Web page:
Terrell Place: A Dazzling Approach to Energy Management

By Caroline Pomilla

This is the third in a series of articles exploring the six different categories in the updated BOMA 360 2.0 criteria for the BOMA 360 Performance Program.

When visitors step through the door of Washington, D.C.’s landmark building Terrell Place, they are instantly immersed in an experience unlike any other. The lobby walls of the 425,000-square-foot office property are covered in reactive LED displays that broadcast a variety of familiar scenes—like the district’s beloved cherry blossoms or the local cityscape—and deliver a sense of connection between visitors and their surroundings.

This light display is especially impressive given that Terrell Place serves as an example of an exceptionally energy-efficient building. The property scored particularly highly in the energy management category of the BOMA 360 Performance Program criteria, which covers everything from benchmarking using the ENERGY STAR® Portfolio Manager® platform to communicating with tenants about energy reduction. A major player in this success is the owner, an affiliate of Beacon Capital Partners— a recipient of nine ENERGY STAR Partner of the Year Awards. “We have an integrated, comprehensive energy management strategy that we use at Terrell Place, along with all of Beacon’s properties,” explains Managing Director Al Scaramelli, PE. This includes real-time energy tracking software that allows team members to check for anomalies throughout the day. “That’s a big part of our strategy,” says Scaramelli, “in addition to energy auditing and upgrading our equipment to more energy-efficient versions.”

“This is part of why they chose to pursue the BOMA 360 Performance Program designation in 2016; sustainability is one of six categories of building operations and management evaluated by the program, and the designation demonstrates to stakeholders that City National Plaza is meeting industry best practices across the board.

“Everyone is vying for the same tenant in a market like downtown Los Angeles, and BOMA 360 plays a critical part in our efforts to show prospective tenants that their values and needs are in alignment with our operations,” says Corey. “Tenants want to know that their building team takes their work just as seriously as they do.”

While their work in energy management is exceptional, it’s Beacon’s focus on a comprehensive program that has led many of their properties—including Terrell Place—to fulfill each component within the BOMA 360 designation criteria, according to Scaramelli. “When you do the right things, it all comes together,” he explains. “We are performing well in every category measured by BOMA 360, and the whole is even greater than the sum of those parts.”

Plus, the BOMA 360 designation signifies to those less familiar with the property that they are indeed “doing all the right things.” Garrett Chang, RPA, who leads the Cushman & Wakefield management team at Terrell Place, recalls one particular leasing tour where this was made apparent. “A prospective tenant asked me if Terrell Place was a BOMA 360 building. We were proud to be able to answer affirmatively, and I believe it was an important factor in their decision to proceed,” says Chang. “Our tenants are very aware of what it means to be a BOMA 360 building and it’s a significant value-add for us.”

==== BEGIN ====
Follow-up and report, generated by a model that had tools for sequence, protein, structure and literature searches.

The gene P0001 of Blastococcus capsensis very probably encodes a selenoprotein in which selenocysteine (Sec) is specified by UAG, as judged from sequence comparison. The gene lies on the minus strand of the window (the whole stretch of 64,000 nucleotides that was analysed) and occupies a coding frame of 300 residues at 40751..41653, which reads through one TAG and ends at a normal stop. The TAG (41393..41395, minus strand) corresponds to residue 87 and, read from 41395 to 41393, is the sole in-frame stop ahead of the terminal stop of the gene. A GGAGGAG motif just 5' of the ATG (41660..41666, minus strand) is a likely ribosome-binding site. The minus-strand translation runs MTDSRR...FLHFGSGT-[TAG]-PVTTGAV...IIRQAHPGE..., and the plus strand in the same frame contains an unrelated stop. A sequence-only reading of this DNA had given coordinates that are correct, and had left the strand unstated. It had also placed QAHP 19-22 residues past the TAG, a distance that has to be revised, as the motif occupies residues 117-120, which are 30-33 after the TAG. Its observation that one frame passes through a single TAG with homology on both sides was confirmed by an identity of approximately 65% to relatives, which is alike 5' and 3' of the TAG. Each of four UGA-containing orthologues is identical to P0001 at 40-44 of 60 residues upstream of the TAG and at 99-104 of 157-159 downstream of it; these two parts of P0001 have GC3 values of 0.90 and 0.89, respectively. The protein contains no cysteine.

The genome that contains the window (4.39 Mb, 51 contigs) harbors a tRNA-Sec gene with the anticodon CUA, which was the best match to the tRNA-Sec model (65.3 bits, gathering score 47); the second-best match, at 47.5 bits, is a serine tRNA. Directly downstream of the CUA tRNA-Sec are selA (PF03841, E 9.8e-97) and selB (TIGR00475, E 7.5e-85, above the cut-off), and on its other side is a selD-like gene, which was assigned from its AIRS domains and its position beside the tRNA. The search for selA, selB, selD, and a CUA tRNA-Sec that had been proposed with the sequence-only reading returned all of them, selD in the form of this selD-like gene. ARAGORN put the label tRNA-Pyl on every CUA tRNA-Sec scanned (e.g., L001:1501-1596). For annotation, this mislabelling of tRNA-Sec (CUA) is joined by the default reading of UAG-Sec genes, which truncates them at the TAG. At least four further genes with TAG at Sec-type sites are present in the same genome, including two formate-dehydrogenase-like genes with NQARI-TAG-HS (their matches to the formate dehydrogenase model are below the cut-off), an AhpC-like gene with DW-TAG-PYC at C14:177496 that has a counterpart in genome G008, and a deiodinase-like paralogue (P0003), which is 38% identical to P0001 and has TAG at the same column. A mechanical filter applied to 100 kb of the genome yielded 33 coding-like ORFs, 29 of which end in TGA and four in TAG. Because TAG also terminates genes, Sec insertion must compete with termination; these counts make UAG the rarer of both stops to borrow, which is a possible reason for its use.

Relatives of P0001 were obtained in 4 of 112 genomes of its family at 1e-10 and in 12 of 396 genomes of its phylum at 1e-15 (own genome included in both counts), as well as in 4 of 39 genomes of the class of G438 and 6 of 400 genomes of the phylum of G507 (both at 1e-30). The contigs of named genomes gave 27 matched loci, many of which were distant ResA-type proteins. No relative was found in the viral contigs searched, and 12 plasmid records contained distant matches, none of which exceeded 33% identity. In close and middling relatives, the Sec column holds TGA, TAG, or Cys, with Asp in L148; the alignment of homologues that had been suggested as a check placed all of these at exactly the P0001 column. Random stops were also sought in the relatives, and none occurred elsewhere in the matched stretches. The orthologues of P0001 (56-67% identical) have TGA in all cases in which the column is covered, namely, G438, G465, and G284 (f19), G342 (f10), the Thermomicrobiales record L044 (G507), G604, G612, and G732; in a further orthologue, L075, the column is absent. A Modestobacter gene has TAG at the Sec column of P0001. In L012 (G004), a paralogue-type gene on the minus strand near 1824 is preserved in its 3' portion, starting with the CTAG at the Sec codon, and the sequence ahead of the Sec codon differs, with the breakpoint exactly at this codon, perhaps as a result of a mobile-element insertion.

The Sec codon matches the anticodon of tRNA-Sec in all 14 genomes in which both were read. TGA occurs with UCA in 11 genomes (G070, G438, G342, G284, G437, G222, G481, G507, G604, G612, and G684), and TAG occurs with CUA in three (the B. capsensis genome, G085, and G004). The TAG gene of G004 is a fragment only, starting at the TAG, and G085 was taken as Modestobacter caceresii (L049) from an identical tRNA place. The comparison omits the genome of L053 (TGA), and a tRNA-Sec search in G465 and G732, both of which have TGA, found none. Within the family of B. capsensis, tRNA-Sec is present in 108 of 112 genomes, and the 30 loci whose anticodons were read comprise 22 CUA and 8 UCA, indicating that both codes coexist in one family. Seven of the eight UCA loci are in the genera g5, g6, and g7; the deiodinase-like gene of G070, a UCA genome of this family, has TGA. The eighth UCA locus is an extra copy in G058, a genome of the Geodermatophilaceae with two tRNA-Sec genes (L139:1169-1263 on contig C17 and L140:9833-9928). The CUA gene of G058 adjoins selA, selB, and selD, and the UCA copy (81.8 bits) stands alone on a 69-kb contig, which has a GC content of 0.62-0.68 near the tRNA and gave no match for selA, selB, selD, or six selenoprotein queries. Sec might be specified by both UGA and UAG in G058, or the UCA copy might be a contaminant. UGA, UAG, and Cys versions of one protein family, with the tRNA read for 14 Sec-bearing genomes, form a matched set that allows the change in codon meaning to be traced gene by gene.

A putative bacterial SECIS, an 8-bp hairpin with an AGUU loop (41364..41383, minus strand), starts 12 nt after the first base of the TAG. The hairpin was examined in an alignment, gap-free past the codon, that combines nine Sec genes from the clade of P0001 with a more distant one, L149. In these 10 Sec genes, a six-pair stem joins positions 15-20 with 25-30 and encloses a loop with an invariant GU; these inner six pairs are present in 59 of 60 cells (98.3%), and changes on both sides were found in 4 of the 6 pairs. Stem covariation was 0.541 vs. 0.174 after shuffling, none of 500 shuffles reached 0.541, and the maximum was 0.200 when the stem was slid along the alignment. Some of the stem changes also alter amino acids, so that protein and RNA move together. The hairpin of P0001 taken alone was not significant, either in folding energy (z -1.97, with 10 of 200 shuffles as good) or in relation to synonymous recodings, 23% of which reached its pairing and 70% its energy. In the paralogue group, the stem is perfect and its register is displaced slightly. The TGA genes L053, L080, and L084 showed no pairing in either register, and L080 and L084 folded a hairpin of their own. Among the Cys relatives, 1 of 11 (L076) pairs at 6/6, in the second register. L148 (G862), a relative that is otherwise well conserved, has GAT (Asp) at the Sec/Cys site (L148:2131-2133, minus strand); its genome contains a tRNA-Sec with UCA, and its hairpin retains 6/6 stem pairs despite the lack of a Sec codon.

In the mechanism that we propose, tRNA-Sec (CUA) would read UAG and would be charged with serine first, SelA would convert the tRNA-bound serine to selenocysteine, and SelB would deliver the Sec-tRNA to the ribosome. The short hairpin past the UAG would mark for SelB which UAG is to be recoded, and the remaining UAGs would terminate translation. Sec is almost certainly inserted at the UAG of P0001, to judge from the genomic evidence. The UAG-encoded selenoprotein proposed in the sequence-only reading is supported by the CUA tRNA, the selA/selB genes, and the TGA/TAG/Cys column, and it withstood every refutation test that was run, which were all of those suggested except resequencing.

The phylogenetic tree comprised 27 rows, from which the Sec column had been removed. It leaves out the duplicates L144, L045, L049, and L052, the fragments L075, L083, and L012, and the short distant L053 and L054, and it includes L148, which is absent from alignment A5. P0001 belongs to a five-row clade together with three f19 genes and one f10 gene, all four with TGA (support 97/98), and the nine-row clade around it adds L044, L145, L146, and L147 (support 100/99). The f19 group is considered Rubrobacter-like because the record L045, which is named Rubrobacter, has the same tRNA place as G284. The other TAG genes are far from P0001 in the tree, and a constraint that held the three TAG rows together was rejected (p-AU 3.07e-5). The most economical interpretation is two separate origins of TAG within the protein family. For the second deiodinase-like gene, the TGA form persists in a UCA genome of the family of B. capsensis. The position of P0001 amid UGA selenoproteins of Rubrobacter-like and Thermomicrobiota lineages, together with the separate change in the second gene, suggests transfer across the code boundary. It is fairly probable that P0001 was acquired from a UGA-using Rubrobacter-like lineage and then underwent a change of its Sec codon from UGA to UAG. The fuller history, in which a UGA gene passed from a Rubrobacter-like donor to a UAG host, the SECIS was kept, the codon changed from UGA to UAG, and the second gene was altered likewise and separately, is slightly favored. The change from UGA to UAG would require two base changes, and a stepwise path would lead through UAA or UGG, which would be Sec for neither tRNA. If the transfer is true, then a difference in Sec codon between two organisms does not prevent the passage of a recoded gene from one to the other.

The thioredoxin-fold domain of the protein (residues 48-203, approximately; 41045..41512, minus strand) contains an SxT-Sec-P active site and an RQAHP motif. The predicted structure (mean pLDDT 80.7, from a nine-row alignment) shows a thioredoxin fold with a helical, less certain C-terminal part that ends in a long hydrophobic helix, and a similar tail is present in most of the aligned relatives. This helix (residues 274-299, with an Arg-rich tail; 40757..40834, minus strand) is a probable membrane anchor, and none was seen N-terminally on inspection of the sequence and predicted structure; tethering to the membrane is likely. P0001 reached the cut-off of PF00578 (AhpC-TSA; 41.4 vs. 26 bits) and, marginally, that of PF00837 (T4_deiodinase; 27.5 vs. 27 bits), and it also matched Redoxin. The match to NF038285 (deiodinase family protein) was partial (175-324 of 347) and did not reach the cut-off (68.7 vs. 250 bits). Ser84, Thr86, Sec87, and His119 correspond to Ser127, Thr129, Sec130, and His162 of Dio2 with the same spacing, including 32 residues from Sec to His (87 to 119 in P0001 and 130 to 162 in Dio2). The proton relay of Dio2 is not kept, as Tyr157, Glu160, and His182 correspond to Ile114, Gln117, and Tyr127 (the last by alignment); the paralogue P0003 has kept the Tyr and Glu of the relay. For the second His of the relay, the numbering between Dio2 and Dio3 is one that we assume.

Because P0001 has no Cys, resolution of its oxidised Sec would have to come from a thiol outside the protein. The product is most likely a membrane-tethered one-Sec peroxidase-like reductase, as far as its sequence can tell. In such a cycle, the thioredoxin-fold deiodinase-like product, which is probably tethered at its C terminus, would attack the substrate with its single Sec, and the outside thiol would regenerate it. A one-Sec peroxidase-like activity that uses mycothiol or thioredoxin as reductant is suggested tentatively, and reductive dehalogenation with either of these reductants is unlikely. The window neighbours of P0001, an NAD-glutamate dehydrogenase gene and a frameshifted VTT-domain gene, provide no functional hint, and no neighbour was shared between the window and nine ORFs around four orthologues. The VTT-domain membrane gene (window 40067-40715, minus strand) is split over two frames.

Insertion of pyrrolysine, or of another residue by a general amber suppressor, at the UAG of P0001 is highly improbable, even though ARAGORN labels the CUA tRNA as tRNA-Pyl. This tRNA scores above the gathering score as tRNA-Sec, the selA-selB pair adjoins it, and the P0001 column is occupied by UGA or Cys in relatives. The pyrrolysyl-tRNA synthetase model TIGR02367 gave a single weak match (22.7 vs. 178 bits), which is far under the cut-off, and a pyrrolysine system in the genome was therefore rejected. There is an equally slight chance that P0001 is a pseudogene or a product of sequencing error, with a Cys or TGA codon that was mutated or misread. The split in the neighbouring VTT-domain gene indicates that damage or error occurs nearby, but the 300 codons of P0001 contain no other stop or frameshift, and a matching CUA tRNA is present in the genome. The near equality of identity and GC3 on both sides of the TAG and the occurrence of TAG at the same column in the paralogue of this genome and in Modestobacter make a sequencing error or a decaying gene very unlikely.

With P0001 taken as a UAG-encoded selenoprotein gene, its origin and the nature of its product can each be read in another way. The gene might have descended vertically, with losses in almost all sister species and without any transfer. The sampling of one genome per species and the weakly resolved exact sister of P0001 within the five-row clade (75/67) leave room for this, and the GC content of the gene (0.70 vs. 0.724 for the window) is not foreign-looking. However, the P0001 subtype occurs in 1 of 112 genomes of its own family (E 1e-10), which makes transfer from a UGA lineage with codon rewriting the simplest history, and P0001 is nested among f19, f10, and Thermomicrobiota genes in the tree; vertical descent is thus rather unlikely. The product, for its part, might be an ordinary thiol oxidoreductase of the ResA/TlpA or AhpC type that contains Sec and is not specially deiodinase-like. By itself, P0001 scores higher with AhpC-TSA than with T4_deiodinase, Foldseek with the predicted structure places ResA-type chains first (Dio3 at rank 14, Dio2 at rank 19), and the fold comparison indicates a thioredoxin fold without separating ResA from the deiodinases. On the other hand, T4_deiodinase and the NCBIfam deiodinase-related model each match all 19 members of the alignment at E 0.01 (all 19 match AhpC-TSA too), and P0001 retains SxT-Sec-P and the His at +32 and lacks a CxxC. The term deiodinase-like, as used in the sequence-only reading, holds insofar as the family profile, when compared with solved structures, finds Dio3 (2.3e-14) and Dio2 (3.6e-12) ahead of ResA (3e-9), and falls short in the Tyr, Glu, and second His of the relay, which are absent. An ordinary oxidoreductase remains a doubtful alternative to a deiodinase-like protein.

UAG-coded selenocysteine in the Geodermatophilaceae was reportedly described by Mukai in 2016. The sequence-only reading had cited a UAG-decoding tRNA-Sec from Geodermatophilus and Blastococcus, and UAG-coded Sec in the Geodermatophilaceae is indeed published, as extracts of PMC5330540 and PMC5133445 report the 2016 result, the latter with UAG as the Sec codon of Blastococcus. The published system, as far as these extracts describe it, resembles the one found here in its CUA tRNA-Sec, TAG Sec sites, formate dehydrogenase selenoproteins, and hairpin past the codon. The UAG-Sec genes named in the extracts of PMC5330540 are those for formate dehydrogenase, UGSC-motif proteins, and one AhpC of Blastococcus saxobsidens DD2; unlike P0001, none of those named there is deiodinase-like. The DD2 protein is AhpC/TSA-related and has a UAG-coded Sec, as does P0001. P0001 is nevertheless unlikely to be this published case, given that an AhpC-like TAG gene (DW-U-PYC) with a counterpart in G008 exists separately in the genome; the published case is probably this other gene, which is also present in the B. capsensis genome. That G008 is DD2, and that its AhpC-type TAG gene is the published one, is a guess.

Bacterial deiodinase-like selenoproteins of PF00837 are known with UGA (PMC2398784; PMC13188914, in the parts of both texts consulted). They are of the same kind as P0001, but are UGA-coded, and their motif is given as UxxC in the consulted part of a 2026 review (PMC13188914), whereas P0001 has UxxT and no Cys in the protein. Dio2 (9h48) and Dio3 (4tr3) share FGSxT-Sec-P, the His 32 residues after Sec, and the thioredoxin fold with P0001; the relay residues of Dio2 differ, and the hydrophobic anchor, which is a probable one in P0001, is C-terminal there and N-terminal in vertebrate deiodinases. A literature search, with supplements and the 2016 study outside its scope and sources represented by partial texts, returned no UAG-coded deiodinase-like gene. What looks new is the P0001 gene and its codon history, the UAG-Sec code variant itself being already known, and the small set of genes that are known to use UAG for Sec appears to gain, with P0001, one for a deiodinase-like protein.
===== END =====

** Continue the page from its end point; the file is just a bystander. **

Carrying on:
According to Chang, that buy-in from tenants isn’t only handy when it comes to leasing; it’s also important to have occupants who are interested and engaged in the building’s energy efficiency and sustainability efforts. The management team openly communicates with tenants and occupants about opportunities to make greener choices, whether it’s encouraging them to opt for ENERGY STAR-rated appliances or to participate in the building’s recycling program.

“Tenants can play a dramatic role,” echoes Scaramelli. He references Beacon’s Made in the Shade program, which asks occupants to roll down their shades at the end of the day to reduce solar radiation and save the building from using extra energy. “Occupants generally like to be a part of these things. It’s a nice extension to what they do at home, where they typically are already monitoring their energy use,” he says.

For some Beacon properties, like Terrell Place, the journey to sustainability is especially sweet, thanks to Beacon’s honey program with The Best Bees Company, which delivers, installs and manages bee hives. Spearheaded by Scaramelli, the program involves the installation of honey-bee hives on building rooftops to aid researchers studying the crucial role bees play in our natural ecosystems. “It’s very popular with tenants,” says Scaramelli. “We engage them in this important environmental dialogue through fun events like ‘name the queen bee’ contests, honey tastings or educational seminars led by beekeepers.”

From the lobby art to the honey-bee program, the Terrell Place team might closely monitor its energy levels, but it’s clear that they place no cap on the power of creativity.

This article was originally published in the May/June 2020 issue of BOMA Magazine.

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